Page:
Again... in the US. Because they somehow think that the internet has borders, which it doesn't. A US Court can't say: you can't sell that anymore anywhere in the world. Well... good luck to them. It's simply unreasonable in most other legal systems to require a company to actively prevent it's products from reach a certain country. Nobody can claim damages in any other country if by some chance an outlawed German vacuum reaches the US. Unless the company actually sold it there or made it possible to be sold there. So basically all they would need to do is move the operation to German, Swedish or whatever servers and require proof of citizenship. Set up a strawman who then sells that stuff on and don't get caught getting the money and you're good.Schnitzelmaker wrote: ↑Wed Apr 05, 2017 9:38 pmThe money of $8.5m is not the biggest problem for them. As hedop already described this only applies to company money, not their private money.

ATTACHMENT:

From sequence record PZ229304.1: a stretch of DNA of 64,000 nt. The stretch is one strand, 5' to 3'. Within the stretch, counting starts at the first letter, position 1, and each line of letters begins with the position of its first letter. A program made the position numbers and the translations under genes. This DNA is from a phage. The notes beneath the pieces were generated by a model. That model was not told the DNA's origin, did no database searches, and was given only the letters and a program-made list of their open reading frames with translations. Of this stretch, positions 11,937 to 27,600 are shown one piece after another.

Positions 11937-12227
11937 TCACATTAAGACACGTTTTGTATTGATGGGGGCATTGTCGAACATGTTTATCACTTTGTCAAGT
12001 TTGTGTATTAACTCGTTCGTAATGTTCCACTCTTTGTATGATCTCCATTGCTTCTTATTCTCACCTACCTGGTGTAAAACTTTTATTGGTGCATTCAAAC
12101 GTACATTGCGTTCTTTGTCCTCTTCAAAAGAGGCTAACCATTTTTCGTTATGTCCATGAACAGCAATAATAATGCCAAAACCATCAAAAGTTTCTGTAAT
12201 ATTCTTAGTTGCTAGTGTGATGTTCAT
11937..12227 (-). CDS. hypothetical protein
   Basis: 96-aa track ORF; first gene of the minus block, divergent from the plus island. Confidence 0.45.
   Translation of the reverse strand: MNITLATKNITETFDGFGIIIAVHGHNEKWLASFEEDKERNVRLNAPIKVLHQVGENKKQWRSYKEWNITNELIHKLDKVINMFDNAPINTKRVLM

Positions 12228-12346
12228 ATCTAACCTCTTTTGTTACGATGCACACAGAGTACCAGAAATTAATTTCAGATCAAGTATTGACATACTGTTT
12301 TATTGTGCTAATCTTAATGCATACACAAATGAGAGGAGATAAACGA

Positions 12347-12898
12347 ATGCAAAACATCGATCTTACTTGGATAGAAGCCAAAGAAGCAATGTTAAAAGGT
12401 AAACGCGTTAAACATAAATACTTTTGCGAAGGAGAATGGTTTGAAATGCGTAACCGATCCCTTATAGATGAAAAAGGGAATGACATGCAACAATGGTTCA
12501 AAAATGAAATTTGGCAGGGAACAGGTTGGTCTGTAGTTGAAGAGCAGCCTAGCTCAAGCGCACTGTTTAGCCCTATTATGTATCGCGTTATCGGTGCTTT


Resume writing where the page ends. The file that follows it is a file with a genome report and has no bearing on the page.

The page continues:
Also its not allow anymore to sell their product or develop similar software. Which mean they are totally fucked.
How on earth do they expect any company to prevent worldwide sale of their product and how audacious are Americans that they actually think that just because they outlaw something in their country other countries will say "Okay, the ruling applies here as well, even though óur courts haven't decided on the issue yet."